Fig. 13: CAN bus testbed. The microcontroller of ECU A is connected to CANH and CANL using two extra wires. ECU A launches the proposed voltage-based attacks. ECU C transmits messages every 1s, and ECU B logs the received messages.

We use a Tektronix TDS2004B oscilloscope to measure voltages of the CAN bus lines and bit duration in the normal message transmission and under the voltage-based attacks. A Keysight 34461A digital multimeter is used to measure voltage and current. The minimum period of a PWM signal that an Arduino board can generate is 1.02ms, and the Arduino board cannot generate various voltage levels from an analog pin [26]. We use a Tektronix AFG3021 function generator to apply PWM signals with various periods in order to determine the minimum period for a successful pulse attack. A Keysight U8031A power supply is used to apply various constant voltages to CANH and CANL to determine the minimum voltage levels for successful DoS attack and forced retransmission attack, respectively.

We use Littelfuse 0326 fuses with current rating 10mA to implement the fuse-based IRS. For the heat-based IRS, we use Sparkfun heating pad and Sensata Airpax 67L040 thermostats with temperature limiting threshold 40

C. In the test circuit as illustrated in Fig. 14, is 5.0V, and the analog pins are in the input mode. The microcontroller can correctly measure the voltages of CANH and CANL (i.e., 5.0V and 0.0V at A0 and A5, respectively), which indicates that the fuse does not thwart the voltage measurement at the microcontroller. By repeating the same experiments after replacing the fuses with circuit breakers and thermostats with heating coils, respectively, we verify that our proposed IRSs do not thwart the voltage measurement.

Fig. 14: Test circuit for checking that the Arduino board can measure the voltage with the fuses.

Fig. 15 shows the voltage levels of CANH and CANL in the normal message transmission when the message ID is 0x01 and data is 0x01. Due to hardware characteristics of the CAN transceiver, the actual voltages of CANH and CANL are 2.4V when a recessive bit is transmitted. When transmitting a dominant bit, the actual voltages of CANH and CANL become 3.4V and 1.5V, respectively. The voltage levels for both dominant and recessive bits, however, meet the CAN protocol [22]. Since the CAN bus speed is set to 500kbps, one bit is 2s long.

Fig. 15: Voltages of CANH (in yellow) and CANL (in blue) in the normal message transmission.

Vii-B Voltage-based Attacks

In this section, we present the experimental results of the voltage-based attacks using our CAN bus testbed.

Vii-B1 Overcurrent Attack

Since we do not want to damage our testbed ECUs, we implement a test circuit as illustrated in Fig. 16 to emulate the CAN bus under the overcurrent attack. In the test circuit, let the ground and represent of the microcontroller and the voltage of CANH, respectively. To emulate the passive overcurrent attack, is set to 3.5V using the power supply, and the current flowing into the ground is measured to be 58mA. When emulating the active overcurrent attack, is set to 5.0V, and 83mA flows into the ground. These experimental values closely match with the theoretical values computed in Section V. Since the current is supplied from the microcontroller in the active overcurrent attack, the Arduino board may not generate 83mA due to its hardware limitation. We measure that the maximum 52mA can be provided from an analog pin of the Arduino board, which is still large enough to damage many microprocessors including Microchip ATmega328P, Renesas V850, and NXP MPC563 [26, 39, 30].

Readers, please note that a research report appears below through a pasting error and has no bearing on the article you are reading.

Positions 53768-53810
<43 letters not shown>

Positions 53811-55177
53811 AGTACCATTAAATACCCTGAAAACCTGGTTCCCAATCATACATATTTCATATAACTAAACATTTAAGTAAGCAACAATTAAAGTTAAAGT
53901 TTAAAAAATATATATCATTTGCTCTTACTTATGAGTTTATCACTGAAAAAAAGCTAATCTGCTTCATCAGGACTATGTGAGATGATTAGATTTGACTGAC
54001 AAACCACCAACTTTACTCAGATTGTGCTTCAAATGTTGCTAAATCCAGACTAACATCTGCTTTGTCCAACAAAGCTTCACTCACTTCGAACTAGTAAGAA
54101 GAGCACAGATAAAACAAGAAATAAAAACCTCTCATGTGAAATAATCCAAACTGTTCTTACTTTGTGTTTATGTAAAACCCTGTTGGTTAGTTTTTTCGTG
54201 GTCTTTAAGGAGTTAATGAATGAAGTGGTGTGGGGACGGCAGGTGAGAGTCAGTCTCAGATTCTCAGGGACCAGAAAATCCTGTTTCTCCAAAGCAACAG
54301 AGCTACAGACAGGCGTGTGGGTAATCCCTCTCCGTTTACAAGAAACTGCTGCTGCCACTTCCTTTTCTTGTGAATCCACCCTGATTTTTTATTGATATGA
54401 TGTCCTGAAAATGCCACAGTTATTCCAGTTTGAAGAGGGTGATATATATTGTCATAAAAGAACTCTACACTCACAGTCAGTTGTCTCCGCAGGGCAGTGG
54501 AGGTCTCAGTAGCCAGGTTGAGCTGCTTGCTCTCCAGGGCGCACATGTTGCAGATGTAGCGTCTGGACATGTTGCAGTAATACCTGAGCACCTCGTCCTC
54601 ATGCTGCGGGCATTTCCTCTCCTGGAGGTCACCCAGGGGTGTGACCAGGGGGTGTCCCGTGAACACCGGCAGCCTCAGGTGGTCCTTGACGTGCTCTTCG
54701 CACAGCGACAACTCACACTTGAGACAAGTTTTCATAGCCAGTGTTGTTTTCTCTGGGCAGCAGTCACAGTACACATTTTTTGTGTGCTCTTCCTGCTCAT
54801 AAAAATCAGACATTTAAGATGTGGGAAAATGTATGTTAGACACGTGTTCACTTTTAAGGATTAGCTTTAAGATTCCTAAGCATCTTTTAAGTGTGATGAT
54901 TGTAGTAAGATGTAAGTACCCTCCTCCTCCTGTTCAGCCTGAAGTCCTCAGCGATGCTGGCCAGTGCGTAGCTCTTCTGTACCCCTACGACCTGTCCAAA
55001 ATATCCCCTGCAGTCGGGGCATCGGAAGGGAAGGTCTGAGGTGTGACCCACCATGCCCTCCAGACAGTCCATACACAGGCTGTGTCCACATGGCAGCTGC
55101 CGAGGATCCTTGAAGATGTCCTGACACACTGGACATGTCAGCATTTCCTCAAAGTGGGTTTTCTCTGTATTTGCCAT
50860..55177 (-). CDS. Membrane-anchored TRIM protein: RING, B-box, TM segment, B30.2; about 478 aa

Fig. 16: Test circuit to emulate the voltage levels of the CAN bus lines under the overcurrent attacks. is set to 3.5V in the passive overcurrent attack and 5.0V in the active overcurrent attack, respectively.
Fig. 17: Current under the overcurrent attacks using the test circuit. Before launching the attacks, the current does not flow. After launching the attacks, the current greater than (i.e., 40mA) flows into the ground in both attacks, which may damage the microcontroller.

Fig. 17 demonstrates the current flowing into the ground in the test circuit under the overcurrent attacks. Both passive and active overcurrent attacks occur at 20s, which is indicated by the black dashed line. The red dashed line represents (i.e., 40mA) of the Arduino board. The current does not flow through the analog pins before the overcurrent attacks occur. After the attacks, however, the current larger than flows through , which may damage the microcontroller.

Vii-B2 DoS Attack

Fig. 18 shows that the voltages of CANH and CANL become 5.0V when is set to 5.0V. Since is always 0.0V, a dominant bit cannot be transmitted, which demonstrates that the DoS attack is successfully launched using ECU A. In order to determine the minimum voltage that successfully launches the DoS attack, we connect the power supply to CANL. is increased from 0.1V to 5.0V to cover the output voltage range of many microprocessors [29, 30]. The attack indicator is 0 if the attack fails and 1 if the attack is successful. As shown in Fig. 19, the DoS attack is successful if is between 2.2V and 5.0V since is always less than the decision threshold for determining a dominant bit (i.e., 0.9V for Microchip MCP2551).

Fig. 18: Voltages of CANH and CANL when the DoS attack is successfully launched by ECU A when is set to 5.0V.
Fig. 19: Minimum value of that successfully launches the DoS attack. The attack indicator is either 0 if the attack fails or 1 the attack succeeds. The DoS attack becomes successful from =2.2V.

Vii-B3 Forced Retransmission Attack

Fig. 20 shows the voltages of the CAN bus lines under the forced retransmission attack by applying 5.0V to CANH. Two consecutive messages are spaced by about 30s, which indicates that the message is retransmitted because the period of the message is 1s. The voltage of CANH could not be maintained at 5.0V since the Arduino board cannot generate current large enough to make greater than 3.5V. In order to determine the minimum voltage for the successful forced retransmission attack, we increase from 2.5V to 5.0V using the power supply. The forced retransmission attack becomes successful from =4.5V. Fig. 21 shows the bit length time in the normal message transmission and under the forced retransmission attack if =5.0V. While is 2s in the normal message transmission, becomes 3.16s under the forced retransmission attack. As a result, the duration of a recessive bit violates the CAN protocol, which causes an error. Since there are 7 transitions from a dominant bit to a recessive bit in a message with the ID 0x01 and data 0x01, Table II shows the average of when is varied from 2.5V to 5.0V.